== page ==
Levelling access to cancer services in India
Researchers at Manchester have created a dedicated cancer hospital and research centre in India to help standardise services and deliver more effective treatment solutions for patients.
Global challenge: local access to cancer services
The provision of dedicated cancer research and treatment facilities is significantly lower in developing countries, compared with more developed nations.
In India, for example, the number of dedicated cancer hospitals was relatively low and dispersed across the country. This created barriers to treatment and expertise for patients diagnosed with cancer.
Only by reducing the health inequality that exists between developed and developing nations will all populations benefit from the prevention, detection and treatment provision needed to increase cancer survivorship.
Manchester solution: standardising cancer treatment across India
Cancer researchers at The University of Manchester work closely with local NHS services to pioneer discoveries across the prevention, detection and treatment of the disease. Partnerships with healthcare providers like The Christie, Europe’s largest cancer hospital, have enabled a deeper understanding of treatment standardisation and its power to improve patient outcomes.
Professor Vaskar Saha, Professor of Paediatric Oncology, was inspired to take Manchester’s transformative research into childhood leukaemia and share it across the globe for greater good. The team formed a partnership with the Tata Medical Center (TMC) in Kolkata, India to increase regional and national provisions for cancer care, with a focus on children with acute lymphoblastic leukaemia (ALL) and their families.
The collaboration was founded upon the understanding that improved survival rates relied upon increased provision and capacity of cancer care within the country. This led to the creation of a dedicated paediatric cancer unit and a cancer research centre – the Tata Translational Cancer Research Centre (TTCRC). The centre, which opened in 2018, is led by Professor Saha and includes a cancer biorepository, a clinical trials unit and state-of-the-art laboratories.
We’re enhancing the skills of the clinical workforce in India by sharing learnings made in Manchester. This offers a unique insight into providing care on such a large scale.Vaskar Saha / Professor in Paediatric Oncology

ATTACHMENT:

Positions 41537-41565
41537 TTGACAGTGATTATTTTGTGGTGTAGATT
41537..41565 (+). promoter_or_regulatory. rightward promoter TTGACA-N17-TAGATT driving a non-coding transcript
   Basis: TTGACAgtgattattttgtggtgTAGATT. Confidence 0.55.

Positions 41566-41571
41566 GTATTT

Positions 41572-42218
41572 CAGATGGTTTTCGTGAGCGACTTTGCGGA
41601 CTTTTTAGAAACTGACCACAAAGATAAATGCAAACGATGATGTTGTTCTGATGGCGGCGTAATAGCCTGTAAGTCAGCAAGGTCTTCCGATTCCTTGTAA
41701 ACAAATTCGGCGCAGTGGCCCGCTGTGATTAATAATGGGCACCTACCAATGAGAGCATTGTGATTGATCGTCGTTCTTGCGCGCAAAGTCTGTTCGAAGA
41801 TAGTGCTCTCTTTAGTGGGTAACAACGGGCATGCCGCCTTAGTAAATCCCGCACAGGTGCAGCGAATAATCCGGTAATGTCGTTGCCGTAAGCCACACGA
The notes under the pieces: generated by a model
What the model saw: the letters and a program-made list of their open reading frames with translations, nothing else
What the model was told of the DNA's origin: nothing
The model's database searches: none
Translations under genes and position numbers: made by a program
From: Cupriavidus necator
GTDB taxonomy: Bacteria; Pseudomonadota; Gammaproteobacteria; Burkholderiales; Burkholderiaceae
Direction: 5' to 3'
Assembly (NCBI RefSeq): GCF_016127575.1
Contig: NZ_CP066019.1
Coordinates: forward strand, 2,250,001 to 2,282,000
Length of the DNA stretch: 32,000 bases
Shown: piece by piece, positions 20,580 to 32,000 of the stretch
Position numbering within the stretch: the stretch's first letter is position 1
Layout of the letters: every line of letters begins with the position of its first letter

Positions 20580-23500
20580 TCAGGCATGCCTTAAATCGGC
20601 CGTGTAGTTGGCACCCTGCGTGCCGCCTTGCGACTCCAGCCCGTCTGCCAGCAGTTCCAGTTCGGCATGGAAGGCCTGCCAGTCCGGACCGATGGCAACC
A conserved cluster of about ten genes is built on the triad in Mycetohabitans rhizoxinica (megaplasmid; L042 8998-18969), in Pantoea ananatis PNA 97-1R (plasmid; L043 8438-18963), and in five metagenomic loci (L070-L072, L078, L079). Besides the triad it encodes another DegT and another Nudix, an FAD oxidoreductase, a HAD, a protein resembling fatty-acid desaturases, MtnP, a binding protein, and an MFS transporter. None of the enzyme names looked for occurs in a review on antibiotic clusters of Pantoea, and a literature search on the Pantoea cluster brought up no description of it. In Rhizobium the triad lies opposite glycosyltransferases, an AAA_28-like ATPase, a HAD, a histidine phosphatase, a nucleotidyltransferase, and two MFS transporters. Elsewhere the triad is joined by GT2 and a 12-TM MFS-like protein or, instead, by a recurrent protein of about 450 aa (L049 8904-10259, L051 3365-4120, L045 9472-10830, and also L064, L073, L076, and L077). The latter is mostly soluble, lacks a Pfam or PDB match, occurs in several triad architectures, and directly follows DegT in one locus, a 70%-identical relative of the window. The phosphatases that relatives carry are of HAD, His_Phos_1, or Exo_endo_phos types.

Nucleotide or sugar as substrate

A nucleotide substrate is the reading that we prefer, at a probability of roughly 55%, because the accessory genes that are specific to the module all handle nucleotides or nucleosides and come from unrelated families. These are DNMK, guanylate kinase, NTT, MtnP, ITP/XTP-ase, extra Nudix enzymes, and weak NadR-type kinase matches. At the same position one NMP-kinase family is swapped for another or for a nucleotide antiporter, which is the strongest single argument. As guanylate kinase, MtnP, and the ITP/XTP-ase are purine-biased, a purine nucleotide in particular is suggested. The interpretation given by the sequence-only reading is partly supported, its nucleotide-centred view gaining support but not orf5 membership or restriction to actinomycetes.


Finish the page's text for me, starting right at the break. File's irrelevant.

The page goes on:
Sharing knowledge to increase survivorship
The TTCRC connects with other centres across India to exchange knowledge and training, including the standardisation of protocols and sharing best practise in cancer prevention, detection and treatment. This is facilitated by the close collaboration of University researchers and TMC clinicians to share training and expertise.
This union of research and treatment – with clinicians and scientists working closely together to identify solutions for patients – is inspired by, and modelled on, a similar approach at Manchester.
“The challenges facing the Indian healthcare system were great, but not insurmountable,” explains Professor Saha. “The simple principles we work by in Manchester, such as collaboration and sharing information to help improve outcomes for patients, was something I could see would make a positive difference in India. I started to transfer experience regarding standards and practices of treatment. Over time, this has facilitated the treatment of more than 5,000 children with ALL across India.”
Today, services at the TMC include modern care and financial assistance for families, with support provided by government and non-governmental agencies, as well as private donors. Early data suggests that treatment-related deaths have decreased, survivorship is improving and there has been a significant decrease in the cost of therapy in childhood ALL. The skills and technology developed are now being extended to explore solutions for gallbladder cancer – a rare and under-researched cancer with a high incidence in India.
The University of Manchester’s research has helped to:
- establish a national hub of cancer centres and connect five major paediatric centres across India;
- create a modernised cancer healthcare system;
- standardise treatment for ALL and care, which has helped to treat more than 5,000 children.
Find out more
- The University of Manchester Magazine: Taking on the challenge
- Faculty of Biology, Medicine and Health story: Changing lives and meeting need
Meet the researcher
- Professor Vaskar Saha, Professor in Paediatric Oncology
World’s best university for social and environmental impact
We’re the top higher education institution in the world in the Times Higher Education University Impact Rankings. The rankings use the UN Sustainable Development Goals (SDG) as a framework, including SDG 3: Good health and well-being.
Read more on how the SDGs inform our work